“Abba, Father!”. Three times this phrasing is found in Scripture. Abba is the Hebrew word for father. Each time I read it, I feel the weight of the intimacy it carries.
Our Lord is our Abba, Father, and He desires an intimate relationship with us. He knew us before we were formed in our mother’s womb. He knows our thoughts, He understands our hearts, He delights in every detail of our lives. One of the ways He demonstrates His unconditional love for us is through our earthly fathers.
As Father’s Day approaches, I have been reflecting on all the father figures in my life – my birth father, adopted father, spiritual fathers, and my Heavenly Father. I have indeed been blessed with multiple “fathers” in my life. Each, while extraordinarily different, have played a significant role. Dads often get lumped into categories of being the provider & disciplinarian, while mother’s get most of the “nurturing” credit. And while this may be categorically true, make no mistake, dads play a huge role in nurturing our relationship with the Lord.
Our good God has given fathers the responsibility of providing so that we might look to Him and see that He is a good Father who provides for our every need. Our good God has given fathers the responsibility of disciplining so that we might learn how to obey Him and practice submission. It is a good gift! Hopefully, by the time we stand before our Maker, we will have learned something of what it means to submit to King Jesus.
God also uses fathers as one of the first disciplers to His children. Fathers teach and train us in the way we should go, and can be an example of how we walk out our faith. In this sinful broken world, there are many ways these roles get distorted, abused, and mishandled. In my own broken and imperfect relationships with my fathers, I have seen how God has provided spiritual fathers to walk alongside me in this life to point me toward Jesus. I look at Paul, one of the most influential spiritual fathers in church history. He spiritually parented Timothy, Philemon, and countless others. And God has used the “Pauls” in my life to encourage, challenge, discipline, care for, teach, model Christ-like behavior, and pray for me.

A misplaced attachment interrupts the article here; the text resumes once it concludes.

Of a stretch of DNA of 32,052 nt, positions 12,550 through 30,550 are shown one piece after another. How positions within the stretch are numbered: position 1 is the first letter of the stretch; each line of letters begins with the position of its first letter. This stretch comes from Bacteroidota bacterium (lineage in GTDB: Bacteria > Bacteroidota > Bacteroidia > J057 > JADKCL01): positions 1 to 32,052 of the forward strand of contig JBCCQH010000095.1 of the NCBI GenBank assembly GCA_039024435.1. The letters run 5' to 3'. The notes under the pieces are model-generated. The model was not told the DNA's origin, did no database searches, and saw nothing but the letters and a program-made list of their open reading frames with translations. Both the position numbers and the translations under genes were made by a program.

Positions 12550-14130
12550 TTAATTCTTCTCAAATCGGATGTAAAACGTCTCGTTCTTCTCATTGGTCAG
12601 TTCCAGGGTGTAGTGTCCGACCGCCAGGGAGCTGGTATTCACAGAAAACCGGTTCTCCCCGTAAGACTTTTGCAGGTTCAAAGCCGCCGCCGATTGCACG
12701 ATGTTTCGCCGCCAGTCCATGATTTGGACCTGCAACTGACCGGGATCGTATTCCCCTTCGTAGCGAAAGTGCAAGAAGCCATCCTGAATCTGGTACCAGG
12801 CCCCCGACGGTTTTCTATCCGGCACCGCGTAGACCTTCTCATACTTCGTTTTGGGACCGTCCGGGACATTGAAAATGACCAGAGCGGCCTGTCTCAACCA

As a mother, I can be particularly biased about the role physical and spiritual mothers play. But in God’s grace, I have also learned to appreciate the eternal value and significance of the role of physical and spiritual fathers.
Reflect with me for a moment: Have you experienced the kind of spiritual parenting that Timothy and Philemon had from Paul? Do you have someone in your life right now that you are spiritually parenting? Might we encourage you to join a discipleship group this fall through Hillside, and continue investing in and developing these types of relationships. Be on the lookout for more information later this summer!
Thank you, Dads of Hillside, for the role you have played in nourishing and developing Jesus learners. Happy Father’s Day!